America Remembers Desert One Heroes
By Jim Garamone
American Forces Press Service
WASHINGTON, Apr. 25, 2005 America today honored eight American servicemen who died trying to rescue American hostages in Iran 25 years ago.
Yellow roses were placed in front of a headstone at Arlington National Cemetery, Va., after the 25th Annual Tribute to the Iran Hostage Rescue Mission, April 25. The headstone is for three of the eight men who died in the failed rescue mission to free 53 American hostages from Tehran, Iran, April 25, 1980. Photo by Staff Sgt. D. Myles Cullen, USAF
(Click photo for screen-resolution image)
A ceremony here, on the 25th anniversary of their deaths, brought together the families of those killed, their comrades and those servicemembers who carry on the special operations mission.
In November 1'7' Iranian militants took 53 Americans in the U.S. Embassy in Tehran hostage. It was the most egregious violation of the principles of diplomacy in the history of statecraft, L. Bruce Laingen, the highest-ranking American taken hostage, said at today's ceremony.
On April 25, 1'80, the rescue attempt, dubbed "Operation Eagle Claw," came to a flaming end on the floor of the desert near Tehran. Eight Americans -- five airmen and three Marines -- were killed when the rotor of a helicopter sliced into the fuselage of a C-130 transport aircraft.
The eight killed in the failed rescue attempt were' Air Force Maj. Richard L. Bakke, Marine Sgt. John D. Harvey, Marine Cpl. George N. Holmes Jr., Marine Staff Sgt. Dewey L. Johnson, Air Force Maj. Harold L. Lewis, Air Force Tech. Sgt. Joel C. Mayo, Air Force Maj. Lyn D. McIntosh and Air Force Capt. Charles T. McMillan II.
Today's ceremony, sponsored by the White House Commission on Remembrance, also brought together 10 of the hostages. The hostages were finally released by the Iranians after 444 days in captivity.
There was sadness at the ceremony, but there was also admiration for the courage the men showed and the knowledge that out of the fires of Desert One -- as the site in Iran was known -- came the impetus for a new, stronger, more integrated military and special operations force.
Air Force Lt. Gen Norton Schwartz, director of the Joint Staff, called the failure of the Iran hostage rescue mission a seminal event in recent American military history. He said the mission was "so important that the nation's self-image, it's standing and reputation in the world community, and the fate of a presidency hung in the balance."
When the mission failed, media reports were full of recriminations, and nations around the world called the United States a toothless lion. "Yet at the same time, the memory of Desert One propelled a generation, of which I am a part, to assure that America would never again repeat that searing, transforming experience of the 25th of April 1'80," Schwartz said.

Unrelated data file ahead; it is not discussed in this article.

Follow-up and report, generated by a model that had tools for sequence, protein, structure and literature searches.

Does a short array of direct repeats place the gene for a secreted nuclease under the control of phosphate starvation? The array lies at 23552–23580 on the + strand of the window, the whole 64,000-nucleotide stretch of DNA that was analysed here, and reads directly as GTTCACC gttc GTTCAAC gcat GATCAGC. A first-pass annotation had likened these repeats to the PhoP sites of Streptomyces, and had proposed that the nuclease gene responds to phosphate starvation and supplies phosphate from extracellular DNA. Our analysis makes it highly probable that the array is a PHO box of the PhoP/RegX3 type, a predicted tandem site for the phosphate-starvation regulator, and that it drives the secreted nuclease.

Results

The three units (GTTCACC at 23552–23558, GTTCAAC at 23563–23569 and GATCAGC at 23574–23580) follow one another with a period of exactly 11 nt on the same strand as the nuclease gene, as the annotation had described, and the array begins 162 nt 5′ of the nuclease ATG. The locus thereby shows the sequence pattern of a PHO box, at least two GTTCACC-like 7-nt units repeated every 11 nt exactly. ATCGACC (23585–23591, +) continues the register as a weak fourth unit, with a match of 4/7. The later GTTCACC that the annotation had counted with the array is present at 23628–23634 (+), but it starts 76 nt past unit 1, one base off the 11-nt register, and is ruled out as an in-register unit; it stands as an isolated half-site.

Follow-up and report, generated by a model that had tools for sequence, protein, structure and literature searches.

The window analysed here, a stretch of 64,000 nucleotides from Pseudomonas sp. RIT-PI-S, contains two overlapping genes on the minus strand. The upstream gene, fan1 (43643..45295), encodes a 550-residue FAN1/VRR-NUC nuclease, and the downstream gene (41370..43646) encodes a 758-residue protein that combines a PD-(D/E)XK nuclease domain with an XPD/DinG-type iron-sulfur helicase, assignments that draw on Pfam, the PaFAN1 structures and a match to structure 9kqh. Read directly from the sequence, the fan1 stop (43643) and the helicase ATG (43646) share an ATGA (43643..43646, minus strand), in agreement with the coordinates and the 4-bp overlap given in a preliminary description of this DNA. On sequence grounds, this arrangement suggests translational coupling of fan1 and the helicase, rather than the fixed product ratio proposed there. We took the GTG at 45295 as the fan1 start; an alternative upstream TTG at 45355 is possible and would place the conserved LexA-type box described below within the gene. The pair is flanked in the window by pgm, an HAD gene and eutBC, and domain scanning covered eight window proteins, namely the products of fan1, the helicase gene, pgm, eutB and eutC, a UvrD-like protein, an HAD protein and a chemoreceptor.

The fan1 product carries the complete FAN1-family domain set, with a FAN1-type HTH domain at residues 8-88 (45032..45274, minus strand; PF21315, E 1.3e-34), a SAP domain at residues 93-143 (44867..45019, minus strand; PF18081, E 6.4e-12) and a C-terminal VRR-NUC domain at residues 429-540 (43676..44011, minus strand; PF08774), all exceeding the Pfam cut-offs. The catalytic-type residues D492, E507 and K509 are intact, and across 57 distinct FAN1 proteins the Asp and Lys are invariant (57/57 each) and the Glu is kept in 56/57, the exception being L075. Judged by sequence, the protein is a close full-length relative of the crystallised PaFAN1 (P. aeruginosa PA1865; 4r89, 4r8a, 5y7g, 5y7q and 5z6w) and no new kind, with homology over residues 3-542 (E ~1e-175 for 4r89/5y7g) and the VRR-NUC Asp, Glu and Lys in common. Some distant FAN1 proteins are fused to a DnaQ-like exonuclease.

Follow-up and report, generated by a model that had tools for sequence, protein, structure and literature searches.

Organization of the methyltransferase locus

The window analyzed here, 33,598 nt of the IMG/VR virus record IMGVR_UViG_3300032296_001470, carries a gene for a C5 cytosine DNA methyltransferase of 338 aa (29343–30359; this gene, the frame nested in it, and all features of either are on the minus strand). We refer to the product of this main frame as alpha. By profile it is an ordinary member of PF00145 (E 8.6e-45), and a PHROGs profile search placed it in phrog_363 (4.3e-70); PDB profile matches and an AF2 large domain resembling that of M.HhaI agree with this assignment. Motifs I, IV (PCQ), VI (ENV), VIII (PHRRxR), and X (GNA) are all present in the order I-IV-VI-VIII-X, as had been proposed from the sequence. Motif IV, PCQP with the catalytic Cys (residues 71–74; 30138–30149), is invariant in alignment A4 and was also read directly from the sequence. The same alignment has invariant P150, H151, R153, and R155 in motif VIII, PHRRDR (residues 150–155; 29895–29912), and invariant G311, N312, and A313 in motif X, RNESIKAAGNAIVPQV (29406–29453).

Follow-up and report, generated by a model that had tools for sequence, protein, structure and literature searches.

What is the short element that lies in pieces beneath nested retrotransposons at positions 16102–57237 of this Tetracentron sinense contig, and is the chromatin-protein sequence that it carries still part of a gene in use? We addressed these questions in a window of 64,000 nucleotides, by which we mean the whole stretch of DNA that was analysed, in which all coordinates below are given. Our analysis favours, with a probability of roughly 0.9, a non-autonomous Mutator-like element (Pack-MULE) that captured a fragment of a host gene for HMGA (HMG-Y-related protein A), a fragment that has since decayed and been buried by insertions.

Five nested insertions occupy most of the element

"Never again would we be so unprepared, so ill-equipped, so entirely dependent on the skills, resourcefulness of our people, who, despite shortcomings in force cohesion, equipment and external support, lifted off into the darkness with only one mission imperative' bring Americans home," he said.
Schwartz said the often-maligned heroes of that mission lifted off from the deck of the USS Nimitz with the "conviction that completing the mission served interests far larger than themselves, at a moment in time when the nation's reputation and American lives truly hung in the balance."
The general said that all Americans share the grief of the families who lost loved ones that day. But they died trying, Schwartz said. They kept the promise. "Because on that murky night, when they faced America's adversary and their own fears, your men did not submit," Schwartz told the families. "They did not retire. They didn't then, and we, their successors -- in large measure in their honor -- do not and will not now."
Army Lt. Gen. William Boykin was one of the would-be rescuers that day. He said that accident "was the greatest disappointment of my professional career because we didn't bring home 53 Americans."
Now principal deputy undersecretary of defense for intelligence and warfighter support in the Pentagon, Boykin also called the mission one of the proudest moments of his career. He said all the men in the rescue effort knew the risks. "None of us wanted to die; none of us expected to die, but we knew the risk," Boykin said. "We knew that we were up against an entire nation with a force of barely 100 people."
Thomas O'Connell, assistant secretary of defense for special operations and low-intensity combat, said the sacrifices of those eight men were not in vain. Special operations forces have been in the forefront of the fight against terrorism today.
"If you need inspiration in these tough days, give thanks for those who risked and gave all on this mission, but also give thanks for those who survived and made great strides for our national security," O'Connell said.